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Composing EDMC Possession Trance Methods in Urban Electronic Folk Music Culture Dr. Rupert Till Senior Lecturer in Music Technology University of Huddersfield DJ, club promoter, clubber, since 1991

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composing edmc

Composing EDMC

Possession Trance Methods in Urban Electronic Folk Music Culture

Dr. Rupert Till
  • Senior Lecturer in Music Technology
  • University of Huddersfield
  • DJ, club promoter, clubber, since 1991
  • Live chill out band ‘Chillage People’ - album on i-tunes, tracks on Liquid Sound Design & Ambient Planet vol.1
  • BA Performing Arts (music), MA Music Technology (composition), (PhD composition)
  • Offer research supervision in club club culture musicology, cultural studies, ethnomusicology, composition, electronica and music technology on MA in Computer Composition MMus Contemporary Music Studies and MPhil / PhD
we will be passing through
We will be passing through…
  • Definitions & Methodology
  • Physicality & Duality
  • Lineage
  • The Homeless Self and Communitas
  • Possession Trance Methodology
  • A small experiment for you to take part in
  • Trance Symptoms
  • Theory - what is going on?
  • There are many different ways to approach popular music studies:-
  • Ethnomusicology - field work in clubs - participant observation / emic
  • Musicology - describe/analyse the harmony, timbres, structure, melody, rhythm
  • Critical Musicology includes context
  • Cultural Studies - investigate surrounding culture
  • Sociology/anthropology - look at the people
  • Historical - trace lineage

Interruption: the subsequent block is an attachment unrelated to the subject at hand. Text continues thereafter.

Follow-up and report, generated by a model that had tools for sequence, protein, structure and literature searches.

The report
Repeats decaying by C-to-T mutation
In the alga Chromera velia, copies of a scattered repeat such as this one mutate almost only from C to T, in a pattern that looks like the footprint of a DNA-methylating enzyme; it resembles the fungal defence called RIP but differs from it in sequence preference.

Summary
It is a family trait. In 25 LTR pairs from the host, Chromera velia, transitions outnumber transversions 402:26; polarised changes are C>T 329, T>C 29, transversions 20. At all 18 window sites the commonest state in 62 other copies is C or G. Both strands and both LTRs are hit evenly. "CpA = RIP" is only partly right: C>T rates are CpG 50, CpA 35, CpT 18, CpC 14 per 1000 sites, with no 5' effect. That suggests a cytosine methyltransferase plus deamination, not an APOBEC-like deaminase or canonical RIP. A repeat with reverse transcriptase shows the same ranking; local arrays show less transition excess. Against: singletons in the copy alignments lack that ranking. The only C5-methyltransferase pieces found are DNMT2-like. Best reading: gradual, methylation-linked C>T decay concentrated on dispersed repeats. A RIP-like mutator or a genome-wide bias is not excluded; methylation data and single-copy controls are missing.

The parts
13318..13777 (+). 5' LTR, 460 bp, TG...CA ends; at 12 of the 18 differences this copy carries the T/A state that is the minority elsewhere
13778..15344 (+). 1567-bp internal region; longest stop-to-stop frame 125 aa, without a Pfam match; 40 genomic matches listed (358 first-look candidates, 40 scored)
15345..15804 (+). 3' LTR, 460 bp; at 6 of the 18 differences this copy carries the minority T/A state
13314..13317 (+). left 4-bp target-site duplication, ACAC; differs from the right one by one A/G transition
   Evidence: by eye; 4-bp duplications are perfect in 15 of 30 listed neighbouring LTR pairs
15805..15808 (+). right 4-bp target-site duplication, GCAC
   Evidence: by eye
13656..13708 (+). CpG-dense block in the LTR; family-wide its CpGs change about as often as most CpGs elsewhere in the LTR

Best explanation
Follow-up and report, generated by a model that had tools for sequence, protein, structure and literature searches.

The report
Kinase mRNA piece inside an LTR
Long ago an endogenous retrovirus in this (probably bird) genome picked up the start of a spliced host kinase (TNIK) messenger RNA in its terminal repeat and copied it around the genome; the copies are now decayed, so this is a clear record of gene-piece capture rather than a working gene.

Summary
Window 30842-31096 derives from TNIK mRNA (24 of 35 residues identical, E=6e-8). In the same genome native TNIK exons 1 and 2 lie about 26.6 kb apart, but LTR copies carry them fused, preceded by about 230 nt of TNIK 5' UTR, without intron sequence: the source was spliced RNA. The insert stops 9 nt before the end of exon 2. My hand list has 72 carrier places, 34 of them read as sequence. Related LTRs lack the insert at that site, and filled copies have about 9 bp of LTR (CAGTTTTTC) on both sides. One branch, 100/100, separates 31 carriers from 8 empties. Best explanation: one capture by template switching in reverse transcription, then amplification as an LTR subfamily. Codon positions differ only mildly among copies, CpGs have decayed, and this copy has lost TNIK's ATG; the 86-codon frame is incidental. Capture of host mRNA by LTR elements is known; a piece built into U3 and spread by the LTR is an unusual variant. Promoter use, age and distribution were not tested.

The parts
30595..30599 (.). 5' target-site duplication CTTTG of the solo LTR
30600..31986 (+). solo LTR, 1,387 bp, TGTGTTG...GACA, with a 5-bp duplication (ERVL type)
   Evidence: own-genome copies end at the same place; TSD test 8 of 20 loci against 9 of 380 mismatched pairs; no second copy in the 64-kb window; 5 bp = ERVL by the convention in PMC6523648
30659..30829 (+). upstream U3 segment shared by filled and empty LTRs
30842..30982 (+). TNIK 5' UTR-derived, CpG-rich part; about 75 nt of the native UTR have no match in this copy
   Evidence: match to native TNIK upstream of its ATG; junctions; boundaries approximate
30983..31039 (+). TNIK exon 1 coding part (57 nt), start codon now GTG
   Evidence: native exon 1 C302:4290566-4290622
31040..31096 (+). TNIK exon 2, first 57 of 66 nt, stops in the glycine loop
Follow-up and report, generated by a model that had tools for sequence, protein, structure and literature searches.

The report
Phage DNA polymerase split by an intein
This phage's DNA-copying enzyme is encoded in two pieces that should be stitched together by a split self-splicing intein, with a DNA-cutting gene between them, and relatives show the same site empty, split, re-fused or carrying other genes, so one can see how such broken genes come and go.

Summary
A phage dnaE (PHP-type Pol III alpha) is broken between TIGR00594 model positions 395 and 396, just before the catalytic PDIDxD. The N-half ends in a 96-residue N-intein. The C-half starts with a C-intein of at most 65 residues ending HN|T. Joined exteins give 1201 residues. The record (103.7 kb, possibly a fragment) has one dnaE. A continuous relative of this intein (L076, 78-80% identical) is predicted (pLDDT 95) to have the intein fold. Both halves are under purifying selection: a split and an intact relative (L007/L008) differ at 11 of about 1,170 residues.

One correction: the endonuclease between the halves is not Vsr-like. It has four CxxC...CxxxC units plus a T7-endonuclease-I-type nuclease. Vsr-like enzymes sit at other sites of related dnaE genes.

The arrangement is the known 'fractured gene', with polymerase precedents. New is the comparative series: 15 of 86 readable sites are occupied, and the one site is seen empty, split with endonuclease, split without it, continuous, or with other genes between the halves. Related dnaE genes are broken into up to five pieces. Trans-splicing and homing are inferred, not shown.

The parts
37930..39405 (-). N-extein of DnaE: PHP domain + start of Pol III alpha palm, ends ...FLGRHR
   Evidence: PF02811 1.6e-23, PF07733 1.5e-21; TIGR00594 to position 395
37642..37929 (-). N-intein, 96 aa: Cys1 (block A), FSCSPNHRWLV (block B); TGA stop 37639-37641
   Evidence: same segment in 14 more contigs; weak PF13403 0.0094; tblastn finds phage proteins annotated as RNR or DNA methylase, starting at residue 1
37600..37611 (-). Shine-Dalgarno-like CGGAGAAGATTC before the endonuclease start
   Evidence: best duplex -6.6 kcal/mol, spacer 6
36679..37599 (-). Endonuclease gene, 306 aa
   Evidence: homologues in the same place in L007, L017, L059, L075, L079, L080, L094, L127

club culture or edmc
Club Culture or EDMC
  • Club Culture comes from Sarah Thornton’s first book on topic, discussing subcultural capital
  • From Birmingham school’s discussion of subculture, Hebdige’s Subculture the meaning of style
  • EDMC is Electronic Dance Music Culture. Graham St. John and others (including me) prefer this term as it includes non-club events such as festivals
  • Dance music includes ballet, tarantellas…
  • Rave = large scale events c.1989 - 1992 early commercialisation of acid house in UK, dated term used by media. Don’t use this term.
edmc is a possession trance cult
EDMC is a possession trance cult

How does music act

to send people into a trance?

What techniques are used?

trance method
Trance Method
  • Musicians induce trance in participants
  • Musicians do not go into trance
  • Shamanic trance - Shaman makes own music and trances alone
  • Possession trance - musicians make music, dancer(s) trance
  • EDMC = possession trance
silencing the inner voice
Silencing the inner voice
  • A trance is deep listening, when the inner narrative is silenced
  • Music does this in general, keeps the brain busy
  • Rhythms are important
  • As is Dancing
  • Nodding / headbanging is very common in traditional trance cultures
i could make the people dance
I could make the people dance
  • African American music such as funk and disco has interlocking complex rhythms

This rhythm is very common in African and Latin Music. It creates off beats and syncopation

There is also complex interaction of duple and triple time (3 or 4)

ewe tribe rhythm
Ewe Tribe Rhythm

bell| GO * GO * GO GO * GO * GO * GO |

clap| dzi * * dzi * * dzi * * dzi * * |

Both|(B) * GO dzi GO GO dzi GO * (B) * GO|

Top part is


Lower Part is simply three quavers

This combination includes multiple time signatures and

syncopation, disguise and confusion of where the first beat of

the bar lies, confusion of phrase lengths. When dancing the

body is put into and then removed from being synchronised

to the beat.

it s oh so quiet
It’s oh so quiet
  • Let’s have a few seconds silence….
  • Did you have thoughts running through your head? An internal conversation? ‘Hearing voices’?
  • We are going to try using rhythmic interlocking parts to try to still your mind and begin the process of trance.